Some of you might recall my discovery and subsequent acquisition of a certain rare dottyback species, the Rose Island Dottyback (Pseudoplesiops rosae), a couple of weeks ago. The fish was brought in by one of my favorite local fish stores, Fish Gallery (who sent us the beautiful image above), and I couldn’t resist taking it home. After all, it’s not a common fish by any means and I needed something really unique to spruce up my aquarium. The extraordinarily shy fish hid the first ten days after being introduced into the aquarium, so it was hard to get a good look at it. Fortunately, I was able to coax it out into the open a little more each day with various fish foods, but the more I looked at it the more I began to question its identity. The idea cointinued to weigh on me, so I reached out to two very “in the know” individuals who have experience with this species, and as it turns out, my suspicions were correct. This fish wasn’t a Rose Island dottyback.
The first person I contacted about the dottyback’s identity is a well-connected hobbyist who recently got his hands on a pair of P. rosae dottybacks of his own. He and I exchanged a few emails, and we both came to the agreement that the fish was a different species altogether. And while we had a likely candidate picked out, we were both somewhat uncertain, so I had to keep digging. That’s when I stumbled across an article on Reef Builders by a fellow blogger by the name of “Tea” Yi Kai. Yi had written a piece showcasing the aquarium of Jimmy Ma, which happens to be full of rare dottyback species including both the Rose Island dottyback and the fish I was beginning to suspect mine was, the Fine-scale dottyback (Lubbockichthys multisquamatus). After sending some images to Yi, his response was that the fish in my possession was in fact a L. multisquamatus dottback.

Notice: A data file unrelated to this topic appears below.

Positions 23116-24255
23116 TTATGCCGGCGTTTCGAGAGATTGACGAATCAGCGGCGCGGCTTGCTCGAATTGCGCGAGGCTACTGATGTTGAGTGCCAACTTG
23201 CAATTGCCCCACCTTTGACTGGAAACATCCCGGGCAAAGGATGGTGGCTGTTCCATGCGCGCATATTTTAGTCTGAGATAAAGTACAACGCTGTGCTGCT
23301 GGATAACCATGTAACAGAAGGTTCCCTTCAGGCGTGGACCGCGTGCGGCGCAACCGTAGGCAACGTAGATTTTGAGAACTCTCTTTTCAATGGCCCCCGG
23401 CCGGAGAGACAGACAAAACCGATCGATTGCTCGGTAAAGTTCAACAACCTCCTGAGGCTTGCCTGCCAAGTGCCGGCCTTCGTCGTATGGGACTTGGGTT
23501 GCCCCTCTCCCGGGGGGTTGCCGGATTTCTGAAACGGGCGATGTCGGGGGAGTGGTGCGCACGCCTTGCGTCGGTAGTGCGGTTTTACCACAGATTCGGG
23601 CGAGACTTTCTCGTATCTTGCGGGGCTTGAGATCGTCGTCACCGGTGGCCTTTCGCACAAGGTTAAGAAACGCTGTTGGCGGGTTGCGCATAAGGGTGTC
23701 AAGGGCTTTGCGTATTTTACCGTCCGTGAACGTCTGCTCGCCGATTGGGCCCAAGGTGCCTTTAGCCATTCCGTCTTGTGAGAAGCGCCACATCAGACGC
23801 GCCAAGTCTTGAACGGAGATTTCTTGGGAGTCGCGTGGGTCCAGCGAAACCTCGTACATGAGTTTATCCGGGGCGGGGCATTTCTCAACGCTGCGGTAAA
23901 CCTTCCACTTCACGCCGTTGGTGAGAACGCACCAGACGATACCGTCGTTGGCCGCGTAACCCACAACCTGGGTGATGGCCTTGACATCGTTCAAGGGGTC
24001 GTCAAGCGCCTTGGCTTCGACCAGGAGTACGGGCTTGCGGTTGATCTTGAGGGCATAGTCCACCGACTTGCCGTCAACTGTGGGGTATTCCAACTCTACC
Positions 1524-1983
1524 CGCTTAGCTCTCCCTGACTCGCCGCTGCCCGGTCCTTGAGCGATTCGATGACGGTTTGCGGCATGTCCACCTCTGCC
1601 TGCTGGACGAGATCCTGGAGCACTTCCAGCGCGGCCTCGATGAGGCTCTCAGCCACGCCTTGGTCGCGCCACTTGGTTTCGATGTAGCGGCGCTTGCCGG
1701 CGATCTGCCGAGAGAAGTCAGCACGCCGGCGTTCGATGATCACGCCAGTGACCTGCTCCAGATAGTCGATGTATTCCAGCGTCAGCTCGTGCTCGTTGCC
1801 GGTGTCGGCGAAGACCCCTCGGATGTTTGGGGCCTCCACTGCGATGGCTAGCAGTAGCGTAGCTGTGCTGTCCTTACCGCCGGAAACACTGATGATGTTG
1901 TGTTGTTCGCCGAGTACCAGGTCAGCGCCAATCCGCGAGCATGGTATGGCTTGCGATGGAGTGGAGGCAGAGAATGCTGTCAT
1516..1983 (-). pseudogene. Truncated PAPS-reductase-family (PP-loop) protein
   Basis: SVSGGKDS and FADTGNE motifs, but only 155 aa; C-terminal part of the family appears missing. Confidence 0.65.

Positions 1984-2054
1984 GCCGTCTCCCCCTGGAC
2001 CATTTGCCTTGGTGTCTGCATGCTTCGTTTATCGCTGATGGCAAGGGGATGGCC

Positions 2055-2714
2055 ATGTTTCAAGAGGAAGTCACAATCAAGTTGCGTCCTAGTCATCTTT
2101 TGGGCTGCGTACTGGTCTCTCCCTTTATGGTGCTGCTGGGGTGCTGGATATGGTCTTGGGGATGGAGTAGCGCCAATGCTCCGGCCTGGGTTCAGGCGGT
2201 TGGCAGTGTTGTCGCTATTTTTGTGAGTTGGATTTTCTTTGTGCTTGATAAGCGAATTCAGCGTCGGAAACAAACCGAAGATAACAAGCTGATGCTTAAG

Fortunately, the misidentification actually works out really well for me. The Fine-scale Dottyback is slightly rarer than its Rose Island counterpart, which not only means the fish is still unique, but it also means that I didn’t waste a bunch of money on a misidentified, more common fish.
So how did this ID get messed up? Well, we can’t and shouldn’t blame the fish store. The fish showed up on a stock list from their wholesale supplier as a Rose Island Dottyback, and since most fish are ordred sight unseen, the store has to rely heavily on the accurracy of that supplier. To make the problem even worse, there are so few images online for either dottyback species, which gives both the fish store and the supplier a much tougher job. Regardless of the misidentification, I am very happy with the purchase. I would still love to get my hands on a pair of the Rose Island dottys if they show up somwhere, but for now I will stick with the one I’ve got.